This means it is important for us to invest our lives in ministry while there is time or opportunity (Galatians 6:10). … We have an obligation to not only minister to other believers, but also to non-believers and to sow the Gospel among them and to reap the harvest.

Galatians 6:11-18 is the conclusion to this letter. He gives his mark of authenticity and reinforces the main point in the letter, that salvation is by faith in Jesus alone.

Galatians: A Defense of the Gospel of Salvation by Faith in Jesus: Church Life: Shared Life

Sunday Sermon Series Galatians

Galatians 6:1-6

We’ve learned that salvation is an individual thing. The salvation of one does not necessitate the salvation of another. However, that doesn’t mean we are meant to go through life alone. We should live in concert with the church. There are ways we can all serve the church and each other. Serving is one way share life with other believers.

Three ways we are to share our lives with other believers in the church:

  1. Gently restore those who fall into sin (Galatians 6:1). … None of us are perfect and we will each make mistakes and sin. When one of us does mess up, we are to take a redemptive approach and try to keep in the smallest circle possible (unless there are legal matters). Love, forgiveness, and fellowship are powerful tools at our disposal for restoring those who have fallen into sin. However, in attempting to restore one of us, we should be careful not to fall in the same trap ourselves.

  2. Carry each other’s burdens (Galatians 6:2-5). … One way we show our love for another is to help each other. We share our struggles and needs with each other so we can help one another. This is one of the reasons connection groups (Sunday school) is important. It puts us in a group of people similar to us so we can relate to and help each other in life. But there’s also a need to go beyond that connection group and help people in other groups. For example, the elders may need help from some of the younger members with physical tasks and the younger members may need advice from those who have greater life experience. … Paul also issues warnings here. We are to not look down on others because of their burdens. We are also to take responsibility for the burdens we bring on ourselves.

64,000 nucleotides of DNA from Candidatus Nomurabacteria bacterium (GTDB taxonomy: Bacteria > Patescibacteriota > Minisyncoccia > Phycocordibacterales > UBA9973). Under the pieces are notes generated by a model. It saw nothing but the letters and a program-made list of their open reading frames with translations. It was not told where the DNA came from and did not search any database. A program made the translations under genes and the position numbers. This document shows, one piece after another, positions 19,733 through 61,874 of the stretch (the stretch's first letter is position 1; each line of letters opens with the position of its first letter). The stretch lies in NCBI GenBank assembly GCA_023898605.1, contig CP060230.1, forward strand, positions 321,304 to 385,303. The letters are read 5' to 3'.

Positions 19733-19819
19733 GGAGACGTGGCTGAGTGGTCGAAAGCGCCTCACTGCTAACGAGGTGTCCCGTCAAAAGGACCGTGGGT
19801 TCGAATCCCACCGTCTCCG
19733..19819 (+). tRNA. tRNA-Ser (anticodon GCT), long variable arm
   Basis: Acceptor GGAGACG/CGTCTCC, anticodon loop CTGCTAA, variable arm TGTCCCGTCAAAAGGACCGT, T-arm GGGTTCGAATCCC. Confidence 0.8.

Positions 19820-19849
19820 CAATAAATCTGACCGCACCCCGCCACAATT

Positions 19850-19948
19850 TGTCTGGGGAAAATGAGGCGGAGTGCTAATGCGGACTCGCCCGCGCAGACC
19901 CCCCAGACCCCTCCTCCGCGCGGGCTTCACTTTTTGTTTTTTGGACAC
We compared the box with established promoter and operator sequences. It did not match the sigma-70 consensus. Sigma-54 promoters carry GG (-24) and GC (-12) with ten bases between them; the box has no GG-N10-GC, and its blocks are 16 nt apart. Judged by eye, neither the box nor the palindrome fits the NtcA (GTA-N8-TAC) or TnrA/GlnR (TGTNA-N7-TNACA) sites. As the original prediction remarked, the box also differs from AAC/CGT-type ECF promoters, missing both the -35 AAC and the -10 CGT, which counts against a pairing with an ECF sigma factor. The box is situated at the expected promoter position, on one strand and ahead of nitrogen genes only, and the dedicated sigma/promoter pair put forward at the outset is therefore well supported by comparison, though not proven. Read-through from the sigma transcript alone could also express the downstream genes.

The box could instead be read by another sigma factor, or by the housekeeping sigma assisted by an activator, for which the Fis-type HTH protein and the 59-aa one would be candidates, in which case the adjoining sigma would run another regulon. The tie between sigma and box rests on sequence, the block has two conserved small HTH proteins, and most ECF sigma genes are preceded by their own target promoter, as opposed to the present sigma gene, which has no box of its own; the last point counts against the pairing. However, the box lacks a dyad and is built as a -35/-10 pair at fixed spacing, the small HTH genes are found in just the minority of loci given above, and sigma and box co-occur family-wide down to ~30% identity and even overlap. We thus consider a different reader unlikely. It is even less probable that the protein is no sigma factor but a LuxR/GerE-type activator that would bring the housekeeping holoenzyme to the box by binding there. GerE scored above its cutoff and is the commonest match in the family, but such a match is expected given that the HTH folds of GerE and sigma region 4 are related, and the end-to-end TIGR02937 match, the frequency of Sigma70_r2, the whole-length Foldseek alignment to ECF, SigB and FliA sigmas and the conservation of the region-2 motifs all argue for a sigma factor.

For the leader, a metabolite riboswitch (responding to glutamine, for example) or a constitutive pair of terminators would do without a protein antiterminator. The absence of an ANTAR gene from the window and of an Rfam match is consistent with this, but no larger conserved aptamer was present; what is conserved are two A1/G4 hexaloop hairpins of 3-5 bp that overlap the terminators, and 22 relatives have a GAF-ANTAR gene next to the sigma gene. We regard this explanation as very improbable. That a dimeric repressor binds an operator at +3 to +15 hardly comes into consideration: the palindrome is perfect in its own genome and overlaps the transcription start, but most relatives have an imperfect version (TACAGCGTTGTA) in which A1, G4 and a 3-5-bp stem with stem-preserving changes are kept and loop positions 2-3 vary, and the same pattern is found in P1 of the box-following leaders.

3. Share financially with those who instruct you in the Word (Galatians 6:6). … We pay those who teach us in school (be it through taxes or private schooling), so why shouldn’t we pay those who also teach us from the Bible?

A Defense of the Gospel of Salvation by Faith in Jesus: There’s a War Going on Inside You

Sunday Sermon Series Galatians

Galatians 5:17-25

You were born with a flesh nature. When you are born again, you receive a spirit nature and the gift of the Holy Spirit. They are in conflict. You choose which is stronger. … When we become born again Christians, we gain a new nature that brings with it new desires. These desires are for things that please God. However, the old nature doesn’t just go away. The two natures live in conflict and the one you feed the most grows stronger. Even those who have continuously fed the Spirit nature will always have temptation from the flesh nature.


Galatians 5:17


Sinful Desires

1 Peter 2:11


Old Self

Ephesians 4:22-24

New Self